“It is our natural African beauty,” she replied. I misheard her and said, “Her booty? That’s what Beyoncé has. I believe they call it junk in the trunk.”

“Eh doctor, you can be very naughty at times,” she replied.

A friend, Emeritus Professor of Nutrition at King’s College London, Tom Sanders, told me that the cause of obesity is likely to be consumption of large portion sizes of starchy food, rather than drinking excessive amounts of sugar-laden fizzy drinks or eating Western-style food.

I see very few malnourished children in our urban clinic at Matsapha. Those that are invariably suffer from tuberculosis and/or HIV infection. But I do see some grim dental caries in well-fed children.

Kung fu class at the Manzini gym
Kung fu class at the Manzini gym

For many older obese patients, going to the gym to exercise is not an option. They would need a car to get there. Few people want to walk, most use Kombis, but many aspire to owning a motor. There are more than a dozen second hand car lots in Manzini. Some specialise in importing pre-owned vehicles from Japan. The cars at the front of the lots tend to be more desirable German saloons from Mercedes and BMW.

Lots of people want to drive their own car, but before they do so, they have to pass their driving test. There are several driving schools in town, but one caught my eye recently. The sign on the roof of the small car said “Leaner Driver”. It could have been a typographical error, or perhaps fatter people really do need to learn to drive in bigger cars. Sadly, I could not get my camera out in time to capture the moment.,

Googling this, I found Lombhindza Driving School, “Instruct leaner for defensive driving skills… also help foreign people to change into Swazi driving laws. They have branches in Manzini.”

P1010611Every week the local newspaper names and shames those drivers who have been caught and punished for driving while under the influence of alcohol. I was amused by the story of one driver who was almost three times over the limit when stopped by the police. His excuse was that he was normally a cider drinker, but his friends had given him whisky instead. The magistrate told him to thank his ancestors “because they worked under crisis” (trying to keep him out of trouble).


Another driver had failed to stop when instructed to do so by the police. He had compounded his crime by speeding away, failing to stop at a red traffic light and a stop sign. He pleaded guilty but in mitigation, he said was that he was rushing home to his children as it was his turn to babysit and cook for them. His wife had gone out to a church service on Good Friday.

The magistrate said, “If your wife makes you cook, take her to SWAGAA (Swaziland Action Group Against Abuse) for abusing you. It is her responsibility to cook at home.” He still found him guilty and sentenced him to pay either $200 or spend two years five months in jail.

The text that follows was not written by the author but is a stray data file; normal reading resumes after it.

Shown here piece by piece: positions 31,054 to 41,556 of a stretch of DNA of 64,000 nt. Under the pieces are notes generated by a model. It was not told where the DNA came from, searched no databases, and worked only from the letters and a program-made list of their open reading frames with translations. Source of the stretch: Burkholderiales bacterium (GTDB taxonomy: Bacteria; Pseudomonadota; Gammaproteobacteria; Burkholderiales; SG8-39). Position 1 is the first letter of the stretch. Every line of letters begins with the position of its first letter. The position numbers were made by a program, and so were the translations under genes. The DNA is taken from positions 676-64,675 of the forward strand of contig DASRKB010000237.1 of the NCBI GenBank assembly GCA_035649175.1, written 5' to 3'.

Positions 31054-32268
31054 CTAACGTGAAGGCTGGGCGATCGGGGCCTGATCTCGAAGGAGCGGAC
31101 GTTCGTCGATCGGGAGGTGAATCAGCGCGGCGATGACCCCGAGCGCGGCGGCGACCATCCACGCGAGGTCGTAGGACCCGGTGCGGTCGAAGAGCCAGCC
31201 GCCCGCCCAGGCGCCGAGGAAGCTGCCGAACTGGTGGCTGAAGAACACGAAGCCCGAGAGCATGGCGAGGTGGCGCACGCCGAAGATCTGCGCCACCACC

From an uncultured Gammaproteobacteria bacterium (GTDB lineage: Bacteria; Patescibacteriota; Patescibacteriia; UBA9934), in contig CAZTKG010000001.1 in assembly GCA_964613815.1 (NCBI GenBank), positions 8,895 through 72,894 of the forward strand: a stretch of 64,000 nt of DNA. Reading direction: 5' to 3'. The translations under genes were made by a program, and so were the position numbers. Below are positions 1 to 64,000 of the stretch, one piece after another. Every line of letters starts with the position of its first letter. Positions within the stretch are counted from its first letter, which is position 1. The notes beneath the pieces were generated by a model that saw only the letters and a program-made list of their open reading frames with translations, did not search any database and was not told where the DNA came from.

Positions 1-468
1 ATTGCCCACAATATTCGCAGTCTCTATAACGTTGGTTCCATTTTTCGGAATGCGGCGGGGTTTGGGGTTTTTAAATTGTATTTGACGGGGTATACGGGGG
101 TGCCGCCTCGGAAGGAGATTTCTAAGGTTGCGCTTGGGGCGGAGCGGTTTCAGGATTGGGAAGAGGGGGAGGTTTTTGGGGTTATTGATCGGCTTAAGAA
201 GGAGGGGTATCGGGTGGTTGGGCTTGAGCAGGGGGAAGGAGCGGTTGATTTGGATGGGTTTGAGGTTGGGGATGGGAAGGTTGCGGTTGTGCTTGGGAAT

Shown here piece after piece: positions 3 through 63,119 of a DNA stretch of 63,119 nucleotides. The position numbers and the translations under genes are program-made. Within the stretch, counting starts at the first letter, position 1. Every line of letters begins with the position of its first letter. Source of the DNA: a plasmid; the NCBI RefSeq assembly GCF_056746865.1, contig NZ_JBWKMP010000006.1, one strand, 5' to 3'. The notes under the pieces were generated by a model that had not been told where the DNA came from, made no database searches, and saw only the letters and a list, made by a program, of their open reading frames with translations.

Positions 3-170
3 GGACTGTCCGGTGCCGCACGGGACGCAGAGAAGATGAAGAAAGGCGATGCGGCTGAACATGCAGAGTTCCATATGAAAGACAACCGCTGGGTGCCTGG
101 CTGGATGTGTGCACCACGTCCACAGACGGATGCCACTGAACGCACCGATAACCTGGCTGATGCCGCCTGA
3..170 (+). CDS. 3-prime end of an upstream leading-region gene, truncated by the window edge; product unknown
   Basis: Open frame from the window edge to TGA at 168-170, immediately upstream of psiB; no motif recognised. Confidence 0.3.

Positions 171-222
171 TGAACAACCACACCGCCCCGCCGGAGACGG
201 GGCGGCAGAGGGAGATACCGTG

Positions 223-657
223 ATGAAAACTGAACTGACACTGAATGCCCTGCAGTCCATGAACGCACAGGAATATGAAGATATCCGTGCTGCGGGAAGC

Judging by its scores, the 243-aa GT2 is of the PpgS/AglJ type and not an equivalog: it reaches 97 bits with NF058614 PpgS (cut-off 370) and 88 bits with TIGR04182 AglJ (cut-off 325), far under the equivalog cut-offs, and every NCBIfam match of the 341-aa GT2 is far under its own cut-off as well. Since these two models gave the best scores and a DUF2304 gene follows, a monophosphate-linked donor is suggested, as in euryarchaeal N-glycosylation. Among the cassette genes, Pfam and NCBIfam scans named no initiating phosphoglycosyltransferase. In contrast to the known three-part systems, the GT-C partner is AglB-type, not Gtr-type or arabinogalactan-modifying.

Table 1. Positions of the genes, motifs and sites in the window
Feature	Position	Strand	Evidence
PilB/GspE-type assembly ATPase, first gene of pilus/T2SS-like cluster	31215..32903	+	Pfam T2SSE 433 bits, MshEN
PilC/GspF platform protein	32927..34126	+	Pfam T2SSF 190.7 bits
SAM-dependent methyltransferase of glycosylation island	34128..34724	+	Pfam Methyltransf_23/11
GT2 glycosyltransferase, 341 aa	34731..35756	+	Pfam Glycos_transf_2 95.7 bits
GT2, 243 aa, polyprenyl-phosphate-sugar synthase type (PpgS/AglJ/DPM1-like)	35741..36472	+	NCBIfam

Healing Jesus Campaign


When one of my irreverent colleagues first saw this sign, she said, “Healing Jesus? I didn’t know he was sick!” And this was just after Good Friday.


Recently Swaziland has been visited by the evangelical Ghanaian preacher, Dag Heward-Mills. Almost a month ago, coloured posters appeared overnight, fastened to fences along the main road. Banners were attached to lamp posts and bridges crossing the dual carriageway between Manzini and Mbabane. The two main national newspapers covered the story, whipping up interest (not really a frenzy) among the Christian community. One of our drivers took to playing religious music in the Toyota LandCruiser. I would not have minded if it was funky gospel, but this was like a dirge.


Last Wednesday night, the Mavuso athletics field was floodlit for the crusade. Thousands of people attended to hear him speak. There was a strong police presence to maintain (holy) order.

Like the king, Dag kicked off with a song, “All things are possible.” Then he started at the beginning, Genesis 3, the story of the Garden of Eden. The serpent and sin came into our lives. Dag warned the congregation not to let the devil into their lives. Even the United Nations could not defeat evil, only the Prince of Peace could do that.


Taking the snake metaphor a bit further, he went on to tell a tale about his friend who felt he had to sell his car because he had found a snake inside, which then disappeared. “The presence of the snake can cause everything to lose value,” he said. But I feel sorry for the person who ended up buying the car, not knowing a serpent had taken up residence.


Dag asked the crowd, “If anyone wants to accept Christ into their lives, then they should stand up!” Not surprisingly, almost everyone stood up, even those on crutches. Dag did a little dance with a pair of crutches. People came to the podium to testify how they were blind and now could see.

The sick had been healed. They left their redundant wheelchairs at the venue.